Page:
BEATING THE HEAT: Red Sox nemesis C.J. Wilson has found a way to stay cool in the kiln-like Texas atmosphere. (ESPN Dallas)

OLD FRIENDS: It was a tough night for Bronson Arroyo (Rotoworld) . . . Hanley Ramirez' comeback is on hold after he felt discomfort in his left shoulder during a rehab game. (hardballtalk.nbcsports.com)

THINK THEY WOULDN'T NOTICE? If you're making 80,000 a year, like this former Giants' employee, you probably don't want to embezzle 1,513,836.28 from the club because it might raise a red flag when you try to get a loan from a bank to buy a house. (hardballtalk.nbcsports.com)

AND FINALLY . . . In true, "Why in my day" fashion, 80-year-old Moose Skowron proposes an old-fashioned solution to a new-fangled problem. (Chicago Tribune)

Harper, Strickland throw punches in Nationals-Giants brawl

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Harper, Strickland throw punches in Nationals-Giants brawl

SAN FRANCISCO - An enraged Bryce Harper charged the mound, fired his helmet and traded punches to the head with San Francisco reliever Hunter Strickland after getting hit by a fastball, setting off a wild brawl Monday during the Washington Nationals' 3-0 win over the Giants.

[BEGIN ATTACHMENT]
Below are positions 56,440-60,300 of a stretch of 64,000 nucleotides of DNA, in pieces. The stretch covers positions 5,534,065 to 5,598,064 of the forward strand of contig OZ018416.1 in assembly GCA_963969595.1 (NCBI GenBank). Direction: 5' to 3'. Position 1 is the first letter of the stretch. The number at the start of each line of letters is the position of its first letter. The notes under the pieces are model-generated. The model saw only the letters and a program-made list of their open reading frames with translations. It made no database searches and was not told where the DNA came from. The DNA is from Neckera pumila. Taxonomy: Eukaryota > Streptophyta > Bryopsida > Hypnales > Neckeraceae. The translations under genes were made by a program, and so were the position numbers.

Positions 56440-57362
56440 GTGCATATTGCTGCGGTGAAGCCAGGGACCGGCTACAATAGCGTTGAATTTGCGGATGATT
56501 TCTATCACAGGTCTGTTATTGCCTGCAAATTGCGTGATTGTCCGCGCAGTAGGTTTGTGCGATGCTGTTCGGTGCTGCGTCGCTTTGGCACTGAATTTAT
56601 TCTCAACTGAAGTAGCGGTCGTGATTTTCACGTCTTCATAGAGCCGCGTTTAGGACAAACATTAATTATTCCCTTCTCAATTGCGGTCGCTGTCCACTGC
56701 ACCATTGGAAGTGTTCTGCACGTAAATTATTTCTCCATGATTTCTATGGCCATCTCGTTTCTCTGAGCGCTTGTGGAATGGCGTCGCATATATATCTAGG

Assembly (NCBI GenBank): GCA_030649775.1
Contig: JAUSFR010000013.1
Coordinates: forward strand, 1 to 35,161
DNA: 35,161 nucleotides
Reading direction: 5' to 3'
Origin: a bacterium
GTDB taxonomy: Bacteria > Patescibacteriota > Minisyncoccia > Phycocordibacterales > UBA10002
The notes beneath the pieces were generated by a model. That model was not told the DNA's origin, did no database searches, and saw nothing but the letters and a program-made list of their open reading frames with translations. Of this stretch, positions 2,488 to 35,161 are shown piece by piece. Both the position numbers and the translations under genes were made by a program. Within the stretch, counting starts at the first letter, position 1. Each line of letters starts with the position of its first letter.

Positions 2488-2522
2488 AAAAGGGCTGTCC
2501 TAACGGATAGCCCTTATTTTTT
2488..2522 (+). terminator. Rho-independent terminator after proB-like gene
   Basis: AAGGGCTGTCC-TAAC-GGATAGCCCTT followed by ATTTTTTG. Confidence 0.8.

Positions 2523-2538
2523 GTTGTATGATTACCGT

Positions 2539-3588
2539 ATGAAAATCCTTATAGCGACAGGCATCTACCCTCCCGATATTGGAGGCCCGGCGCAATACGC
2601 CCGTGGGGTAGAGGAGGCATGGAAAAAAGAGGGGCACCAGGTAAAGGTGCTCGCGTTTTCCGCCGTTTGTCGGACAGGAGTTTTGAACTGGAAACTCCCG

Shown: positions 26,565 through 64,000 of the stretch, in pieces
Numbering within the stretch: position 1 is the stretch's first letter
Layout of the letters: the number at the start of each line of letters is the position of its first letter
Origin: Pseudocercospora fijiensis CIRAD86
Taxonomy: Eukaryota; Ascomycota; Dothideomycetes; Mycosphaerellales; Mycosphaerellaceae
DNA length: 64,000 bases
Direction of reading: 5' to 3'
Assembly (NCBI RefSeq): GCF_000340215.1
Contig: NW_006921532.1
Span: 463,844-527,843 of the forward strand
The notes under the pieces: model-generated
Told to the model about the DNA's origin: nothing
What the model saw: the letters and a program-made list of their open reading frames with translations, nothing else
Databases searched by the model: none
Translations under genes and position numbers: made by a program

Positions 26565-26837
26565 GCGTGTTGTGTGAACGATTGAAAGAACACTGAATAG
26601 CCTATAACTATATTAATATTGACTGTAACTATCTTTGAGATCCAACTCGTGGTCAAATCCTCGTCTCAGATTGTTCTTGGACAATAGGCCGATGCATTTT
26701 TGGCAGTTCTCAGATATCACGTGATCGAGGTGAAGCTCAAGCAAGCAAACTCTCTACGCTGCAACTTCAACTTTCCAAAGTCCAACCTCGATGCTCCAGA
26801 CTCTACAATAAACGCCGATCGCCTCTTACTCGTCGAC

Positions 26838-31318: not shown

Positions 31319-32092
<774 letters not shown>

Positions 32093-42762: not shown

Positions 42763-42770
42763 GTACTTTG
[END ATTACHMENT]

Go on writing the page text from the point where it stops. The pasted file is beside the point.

Drilled in the right hip by a 98 mph heater on Strickland's first pitch in the eighth inning with two outs, none on and Washington ahead 2-0, Harper didn't hesitate. The slugger pointed his bat at Strickland, yelled at him and took off.

No one got in Harper's way as he rushed the mound. His eyes were wide as he flung his helmet - it sailed way wide of Strickland, it might've slipped - and they started swinging away. The 6-foot-4 Strickland hit Harper in the face, then they broke apart for a moment before squaring off again. Harper punched Strickland in the head as the benches and bullpen emptied.

Giants teammates Michael Morse and Jeff Samardzija collided hard as they tried to get between the two fighters. Three Giants players forcefully dragged Strickland from the middle of the pack all the way into the dugout, while a teammate held back Harper.

Harper and Strickland were both ejected. They have some history between them - in the 2014 NL Division Series, Harper hit two home runs off Strickland, and the All-Star outfielder glared at the reliever as he rounded the bases after the second shot in Game 4.

Drellich: After golden 2016, Red Sox remember what it's like to have things go wrong

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Drellich: After golden 2016, Red Sox remember what it's like to have things go wrong